This leaflet provides guidance on the use of both treated and untreated sewage sludge on industrial cropsgrown on agricultural land. Sludge can provide a significant proportion of the fertiliser requirements of industrial crops and is particularly valuable on poor soils and restored land. The end date for the use of alluntreated sewage sludge on agricultural land used to grow non-food crops is 31 December 2005.
The Safe Sludge Matrix
The provisions of the “Safe Sludge Matrix”, commonly referred to as the ADAS Matrix will be included inthe Sludge (Use in Agriculture) Regulations which regulate the use of sewage sludge (often referred to asbiosolids) on agricultural land. Under the “Safe Sludge Matrix” agreement, the use of untreated sewagesludge was phased out from use on land used to grow food crops from 31 December 1999 and will bephased out from land used to grow industrial crops that also have a food use from 31 December 2001.
The end date for the use of all untreated sewage sludge on agricultural land used to grow non-food crops is31 December 2005.
Following discussions between Water UK, the British Retail Consortium (BRC), Department of Environment Transport and Regions (DETR), Food Standards Agency (FSA), Environment Agency (EA)and Food and Drink Federation (FDF), it has been agreed that untreated sewage sludge can continueto be recycled to agricultural land used to grow specified industrial crops until 31 December 2005.Demonstrable audit procedures must be followed to provide evidence that no part of the industrialcrop enters the food chain. If land to which untreated sludge has been applied, is returned to fooduse, increased harvest intervals will be applied between application of the sludge and harvest of asubsequent food crop.
What Types of Sewage Sludge Are Available?
Full details of the various standards of sludge treatment can be obtained from your local SewerageOperator and will be detailed in the revised Code of Practice for Agricultural Use of Sewage Sludgeavailable from DETR later in 2001, but a brief summary of the different treatments is shown below.•
- will have been screened to remove litter and foreign objects but will notnormally have been stabilised. Any sludge failing to reach the product standards for treatedsludge is regarded as untreated. Untreated sludge must be deep injected or incorporatedwithin 24 hours of application•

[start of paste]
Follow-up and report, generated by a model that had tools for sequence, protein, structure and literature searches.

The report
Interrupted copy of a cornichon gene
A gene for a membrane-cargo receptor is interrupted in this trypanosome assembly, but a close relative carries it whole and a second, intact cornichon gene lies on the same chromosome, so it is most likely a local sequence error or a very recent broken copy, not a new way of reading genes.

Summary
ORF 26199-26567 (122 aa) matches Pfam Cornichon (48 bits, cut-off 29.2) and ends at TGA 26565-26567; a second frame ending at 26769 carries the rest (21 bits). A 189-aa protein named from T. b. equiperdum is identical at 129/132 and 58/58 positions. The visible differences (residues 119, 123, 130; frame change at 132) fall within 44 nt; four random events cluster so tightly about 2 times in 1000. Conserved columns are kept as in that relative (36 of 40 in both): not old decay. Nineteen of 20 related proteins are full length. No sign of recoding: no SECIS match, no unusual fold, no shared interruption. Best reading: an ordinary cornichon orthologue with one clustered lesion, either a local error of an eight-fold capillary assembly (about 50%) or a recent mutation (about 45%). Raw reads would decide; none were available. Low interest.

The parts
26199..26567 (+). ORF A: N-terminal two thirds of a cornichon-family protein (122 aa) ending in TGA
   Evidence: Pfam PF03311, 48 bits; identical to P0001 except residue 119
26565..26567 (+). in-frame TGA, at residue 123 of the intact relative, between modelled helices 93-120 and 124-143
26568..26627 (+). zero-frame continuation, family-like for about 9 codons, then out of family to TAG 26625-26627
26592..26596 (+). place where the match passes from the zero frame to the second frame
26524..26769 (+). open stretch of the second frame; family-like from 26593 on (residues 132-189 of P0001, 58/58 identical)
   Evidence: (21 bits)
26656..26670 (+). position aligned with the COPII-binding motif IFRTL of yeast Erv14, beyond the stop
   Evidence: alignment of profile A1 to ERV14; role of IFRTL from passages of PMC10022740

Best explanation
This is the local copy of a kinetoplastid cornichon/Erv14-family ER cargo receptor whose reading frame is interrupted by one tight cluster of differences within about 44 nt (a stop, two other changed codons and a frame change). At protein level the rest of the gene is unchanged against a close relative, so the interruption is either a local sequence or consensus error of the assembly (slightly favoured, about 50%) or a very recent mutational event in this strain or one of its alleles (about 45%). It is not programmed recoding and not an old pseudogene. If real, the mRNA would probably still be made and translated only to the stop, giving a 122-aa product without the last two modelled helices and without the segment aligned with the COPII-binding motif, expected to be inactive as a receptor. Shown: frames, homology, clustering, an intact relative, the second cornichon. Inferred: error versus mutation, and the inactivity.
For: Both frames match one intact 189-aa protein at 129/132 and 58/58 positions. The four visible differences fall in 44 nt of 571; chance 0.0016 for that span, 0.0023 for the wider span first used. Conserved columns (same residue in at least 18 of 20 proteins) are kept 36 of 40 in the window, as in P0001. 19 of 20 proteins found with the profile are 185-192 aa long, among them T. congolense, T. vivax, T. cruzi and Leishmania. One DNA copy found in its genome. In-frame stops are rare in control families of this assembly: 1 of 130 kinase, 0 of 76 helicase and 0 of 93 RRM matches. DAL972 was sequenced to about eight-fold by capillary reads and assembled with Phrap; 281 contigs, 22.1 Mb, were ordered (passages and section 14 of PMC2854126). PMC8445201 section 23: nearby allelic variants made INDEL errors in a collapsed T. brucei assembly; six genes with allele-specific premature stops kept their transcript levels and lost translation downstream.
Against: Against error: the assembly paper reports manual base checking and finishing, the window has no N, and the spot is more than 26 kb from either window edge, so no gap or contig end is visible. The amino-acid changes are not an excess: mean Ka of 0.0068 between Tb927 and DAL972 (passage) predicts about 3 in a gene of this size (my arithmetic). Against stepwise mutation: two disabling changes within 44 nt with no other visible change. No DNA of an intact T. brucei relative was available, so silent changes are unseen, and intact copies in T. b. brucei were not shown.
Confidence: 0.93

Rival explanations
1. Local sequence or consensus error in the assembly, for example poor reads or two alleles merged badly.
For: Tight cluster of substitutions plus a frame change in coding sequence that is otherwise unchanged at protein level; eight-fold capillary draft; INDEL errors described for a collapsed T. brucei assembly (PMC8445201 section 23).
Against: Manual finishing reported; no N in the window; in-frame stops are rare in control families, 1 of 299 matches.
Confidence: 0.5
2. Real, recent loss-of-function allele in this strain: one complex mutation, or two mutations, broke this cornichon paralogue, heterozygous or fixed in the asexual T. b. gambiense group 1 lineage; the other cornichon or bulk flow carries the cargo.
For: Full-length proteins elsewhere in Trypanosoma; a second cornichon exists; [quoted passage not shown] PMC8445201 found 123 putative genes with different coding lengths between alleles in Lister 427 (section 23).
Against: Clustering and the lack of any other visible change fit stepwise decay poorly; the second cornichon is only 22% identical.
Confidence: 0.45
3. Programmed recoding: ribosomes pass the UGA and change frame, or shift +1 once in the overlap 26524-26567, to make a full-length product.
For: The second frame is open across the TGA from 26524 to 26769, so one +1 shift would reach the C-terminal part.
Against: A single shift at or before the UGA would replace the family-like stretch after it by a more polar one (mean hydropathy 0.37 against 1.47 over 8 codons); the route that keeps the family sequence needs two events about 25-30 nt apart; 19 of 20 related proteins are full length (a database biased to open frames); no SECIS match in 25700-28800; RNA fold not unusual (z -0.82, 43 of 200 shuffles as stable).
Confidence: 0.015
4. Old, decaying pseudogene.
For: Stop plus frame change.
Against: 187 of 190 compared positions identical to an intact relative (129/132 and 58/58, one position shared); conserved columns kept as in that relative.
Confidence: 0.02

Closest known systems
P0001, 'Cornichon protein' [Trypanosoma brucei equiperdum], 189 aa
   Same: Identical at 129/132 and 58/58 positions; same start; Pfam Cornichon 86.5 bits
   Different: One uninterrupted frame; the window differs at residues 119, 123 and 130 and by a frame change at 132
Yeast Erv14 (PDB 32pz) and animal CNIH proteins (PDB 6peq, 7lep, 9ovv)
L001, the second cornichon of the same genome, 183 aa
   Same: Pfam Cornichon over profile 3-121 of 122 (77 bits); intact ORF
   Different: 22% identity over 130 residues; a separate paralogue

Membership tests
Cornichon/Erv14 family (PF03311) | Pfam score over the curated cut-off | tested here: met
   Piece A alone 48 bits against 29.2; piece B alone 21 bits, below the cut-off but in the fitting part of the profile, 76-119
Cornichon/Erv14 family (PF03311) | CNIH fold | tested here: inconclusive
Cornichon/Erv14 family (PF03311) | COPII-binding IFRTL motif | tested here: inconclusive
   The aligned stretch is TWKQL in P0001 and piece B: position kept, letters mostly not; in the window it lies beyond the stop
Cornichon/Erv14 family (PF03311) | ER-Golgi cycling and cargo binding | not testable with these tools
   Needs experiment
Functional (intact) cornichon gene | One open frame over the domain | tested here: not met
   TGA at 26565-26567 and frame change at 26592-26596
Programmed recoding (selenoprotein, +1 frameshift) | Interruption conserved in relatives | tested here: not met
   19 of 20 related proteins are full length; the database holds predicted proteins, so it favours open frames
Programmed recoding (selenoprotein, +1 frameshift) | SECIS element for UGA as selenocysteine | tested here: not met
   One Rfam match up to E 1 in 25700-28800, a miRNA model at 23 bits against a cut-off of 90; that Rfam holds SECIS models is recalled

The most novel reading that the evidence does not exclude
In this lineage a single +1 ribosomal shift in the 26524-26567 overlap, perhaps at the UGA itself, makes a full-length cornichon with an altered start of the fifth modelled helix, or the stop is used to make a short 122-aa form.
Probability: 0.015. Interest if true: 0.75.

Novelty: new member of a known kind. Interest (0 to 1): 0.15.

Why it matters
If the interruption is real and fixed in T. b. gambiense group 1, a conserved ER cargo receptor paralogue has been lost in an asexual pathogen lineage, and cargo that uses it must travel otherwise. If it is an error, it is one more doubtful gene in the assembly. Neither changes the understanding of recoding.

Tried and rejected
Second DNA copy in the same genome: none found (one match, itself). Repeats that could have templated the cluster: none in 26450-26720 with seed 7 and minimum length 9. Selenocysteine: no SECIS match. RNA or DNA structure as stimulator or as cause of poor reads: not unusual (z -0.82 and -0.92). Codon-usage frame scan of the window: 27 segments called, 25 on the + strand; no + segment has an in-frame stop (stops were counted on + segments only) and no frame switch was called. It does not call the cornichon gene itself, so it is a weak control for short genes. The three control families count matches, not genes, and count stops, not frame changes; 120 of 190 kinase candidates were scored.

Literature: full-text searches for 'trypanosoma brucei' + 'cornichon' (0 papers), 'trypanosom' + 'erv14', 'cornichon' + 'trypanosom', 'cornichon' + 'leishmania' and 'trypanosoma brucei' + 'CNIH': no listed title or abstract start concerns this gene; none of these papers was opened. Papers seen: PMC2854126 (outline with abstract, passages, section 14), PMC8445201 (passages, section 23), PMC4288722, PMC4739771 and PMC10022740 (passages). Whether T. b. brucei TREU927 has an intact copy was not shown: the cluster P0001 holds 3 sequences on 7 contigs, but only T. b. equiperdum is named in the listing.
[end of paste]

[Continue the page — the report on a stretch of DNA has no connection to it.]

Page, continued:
Conventionally treated sludge
-will have been subjected to defined treatment processesand standards that ensure 99% of pathogens have been destroyed•
Enhanced treated sludge
-will have been treated by a process which is capable of virtuallyeliminating any pathogens which may be present in the original sludge. Enhanced treatedsludge will be free from
and will have been treated so as to ensure that 99.9999%pathogens have been destroyed (at least a 6 log reduction)Sewage sludge may be supplied as a liquid (about 4% dry solids), dewatered cake (about 25% drysolids) or as a granule or pellet (about 95% dry solids).
Which Industrial Crops are suitable?
Sewage sludge is a valuable source of major plant nutrients and organic matter, which can be usedby growers to help meet crop nutrient requirements and to maintain soil fertility. Conventionallytreated and Enhanced treated sludges are suitable for all industrial crops, but in order to minimiseany food safety risks, the application of untreated sewage sludge is limited to industrial crops whichdo not normally have a food use. Under the agreement with the BRC all recycling of untreatedsludge on agricultural land used to grow non-food crops will be banned from 31 December 2005.Other industrial crops may also be suitable, provided they have no food use. Parties wishing to havea particular crop included in the agreement should submit details to the chairman of the ResearchSteering Group.